William & Mary Bill of Rights Journal
The Death of Non-Resident Contribution Limit Bans and the Birth of the New Small, Swing State
New Hampshire’s 1st Congressional District race in 2018 featured an eye-popping number: 96.7. That figure represents the percentage of candidate Maura Sullivan’s individual contributions derived from out-of-state, non–New Hampshire donors. In August 2018, of the $1.37 million USD of individual contributions that Sullivan had raised, only 3.3%—$46,648 USD—originated from in-state contributors. Sullivan had received individual donations amounting to $497,405 USD from Boston, $216,359 USD from New York City, $101,562 USD from the Washington, D.C. metropolitan area, and $92,371 USD from San Francisco.
In nearby Maine, campaign finance reports filed on October 15, 2019, with the Federal Election Commission (FEC) indicate that the Pine Tree State’s 2020 Senate race will be a national battleground. According to the independent regulatory agency, out-of-state donors to the campaigns of Republican Senator Susan Collins and Democrat Sara Gideon constitute the majority of contributions of $200 USD or more between July 2019 and September 2019. So far, Maine residents have made up only 7% and 18.5% of all $200-plus individual contributions to Collins and Gideon, respectively. The largest percentage of individual donations exceeding the $200 USD reporting threshold to both campaigns stem from California and New York. While both candidates are seeking big-dollar donors nationally, smaller-donor, online donations are becoming increasingly common and crucial in close, pivotal races like this.
Approximately one thousand miles westward, in Wisconsin, incumbent Governor Scott Walker had raised $11.5 million USD from out-of-state donors through early October 2018. He was one of three 2018 gubernatorial candidates—in Wisconsin, Pennsylvania, and New York—who raised at least $5.5 million USD from across state lines. While non-resident campaign contributions constituted up to 10% of direct gubernatorial fundraising across the United States as a whole, these three aforementioned gubernatorial candidates raised between 18% and 50% of their campaign funds from out-of-state contributions. These figures cannot be ignored because state legislatures and governors not only establish laws and policies impacting their local constituencies, but also draw up the very congressional maps that have massive repercussions for national politics.
While both Sullivan and Walker ultimately lost their races, their campaigns demonstrate that political engagement across state lines has become a noteworthy development in pivotal federal elections like Maine’s 2020 U.S. Senate race, state-level races, and campaign finance law as a whole. Today, despite various efforts by states to legislate restrictions on out-of-state campaign contributions, only Hawaii maintains such laws. This Article, therefore, seeks to analyze the latest developments in campaign finance laws pertaining to state residency-based limits, especially in swing states. It posits that while smaller, swing states may disproportionately impact the national political landscape, the prospect of increased out-of-state fundraising could allow citizens of larger, inelastic states to heavily impact those races and guide the disproportionate influence of citizens in those smaller states.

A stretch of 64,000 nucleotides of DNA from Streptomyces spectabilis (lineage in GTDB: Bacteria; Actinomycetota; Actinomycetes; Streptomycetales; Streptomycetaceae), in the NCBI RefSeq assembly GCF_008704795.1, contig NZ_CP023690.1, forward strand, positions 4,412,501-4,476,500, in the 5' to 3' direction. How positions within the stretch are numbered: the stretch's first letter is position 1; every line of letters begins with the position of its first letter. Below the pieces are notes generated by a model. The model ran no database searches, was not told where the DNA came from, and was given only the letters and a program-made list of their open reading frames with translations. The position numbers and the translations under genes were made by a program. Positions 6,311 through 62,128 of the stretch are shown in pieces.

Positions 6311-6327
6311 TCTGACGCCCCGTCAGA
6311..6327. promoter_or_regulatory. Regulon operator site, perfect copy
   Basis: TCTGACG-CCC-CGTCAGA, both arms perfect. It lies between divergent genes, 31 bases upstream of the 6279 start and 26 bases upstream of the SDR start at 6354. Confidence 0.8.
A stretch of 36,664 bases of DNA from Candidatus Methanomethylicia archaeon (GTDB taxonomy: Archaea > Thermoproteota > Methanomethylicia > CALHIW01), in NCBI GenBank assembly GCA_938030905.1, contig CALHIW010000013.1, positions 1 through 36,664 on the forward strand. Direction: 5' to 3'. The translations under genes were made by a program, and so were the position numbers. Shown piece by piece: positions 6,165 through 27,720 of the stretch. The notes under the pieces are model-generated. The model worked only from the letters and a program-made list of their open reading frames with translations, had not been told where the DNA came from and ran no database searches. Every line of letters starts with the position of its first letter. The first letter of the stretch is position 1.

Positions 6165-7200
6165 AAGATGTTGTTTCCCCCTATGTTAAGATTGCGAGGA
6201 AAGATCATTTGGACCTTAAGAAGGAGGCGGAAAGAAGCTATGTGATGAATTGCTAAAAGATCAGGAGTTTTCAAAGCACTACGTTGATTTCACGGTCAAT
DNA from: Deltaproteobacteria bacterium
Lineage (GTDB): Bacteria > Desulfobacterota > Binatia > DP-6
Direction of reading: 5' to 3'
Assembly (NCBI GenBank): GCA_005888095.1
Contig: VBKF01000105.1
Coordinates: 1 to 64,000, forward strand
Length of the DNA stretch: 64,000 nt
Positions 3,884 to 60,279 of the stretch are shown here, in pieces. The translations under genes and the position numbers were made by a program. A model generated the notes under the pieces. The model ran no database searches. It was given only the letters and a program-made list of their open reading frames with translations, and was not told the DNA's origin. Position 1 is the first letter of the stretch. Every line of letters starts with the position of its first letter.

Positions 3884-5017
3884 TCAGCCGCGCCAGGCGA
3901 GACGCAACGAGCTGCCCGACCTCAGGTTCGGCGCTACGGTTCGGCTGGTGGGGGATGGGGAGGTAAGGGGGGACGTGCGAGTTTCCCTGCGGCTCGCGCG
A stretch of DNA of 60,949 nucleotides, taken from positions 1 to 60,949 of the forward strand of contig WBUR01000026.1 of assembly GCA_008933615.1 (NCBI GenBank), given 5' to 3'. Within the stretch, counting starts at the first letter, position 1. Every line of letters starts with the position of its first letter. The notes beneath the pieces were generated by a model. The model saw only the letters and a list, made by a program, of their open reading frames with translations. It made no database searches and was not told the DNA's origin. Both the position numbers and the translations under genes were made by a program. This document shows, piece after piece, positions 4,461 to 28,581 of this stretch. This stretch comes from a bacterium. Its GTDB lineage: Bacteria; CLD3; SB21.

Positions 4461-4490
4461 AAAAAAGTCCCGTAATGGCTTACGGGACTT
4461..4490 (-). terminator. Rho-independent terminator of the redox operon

Part I of this Article will provide a brief history of individual contribution limits in federal campaign finance law, starting with the Federal Election Campaign Act of 1971. It will analyze the impact of Supreme Court cases like Buckley v. Valeo, Citizens United v. FEC, and McCutcheon v. FEC on this nation’s campaign finance jurisprudence, particularly with respect to individual contributions. Part II will lay out a case study of the four states that have dared to pass laws limiting individual out-of-state contributions—Alaska, Hawaii, Oregon, and Vermont. It will analyze the arguments and holdings of influential Second and Ninth Circuit cases, including VanNatta v. Keisling, Landell v. Sorrell, and most recently, Thompson v. Hebdon. Part III will explore a chief argument raised in favor of limiting out-of-state campaign contributions—the protection of republicanism. It proceeds to explore the confusion of defining an elected official’s “constituent”—a challenge that complicates any recognition of an interest to preserve separate, state-specific political communities in the campaign finance law context. This Part also explores the surrogate representation that a non-resident donor may seek and how this impacts politics outside the constituent’s home state. Finally, Part IV will adopt statistician Nate Silver’s notion of “elasticity” to demonstrate a basic example of how a concerted effort by out-ofstate individual donors could one day be strategically directed to states that have transformed into platforms for national political struggles.
This Article does not pretend to ignore the unprecedented flow of money from political action committees (PACs) and super PACs, which may trump individual out-of-state contributions. Nevertheless, it is still a worthwhile exercise to examine the rising influence of these individual contributions, especially if reforms curbing or eliminating the influence of PACs and super PACs are enacted in the future.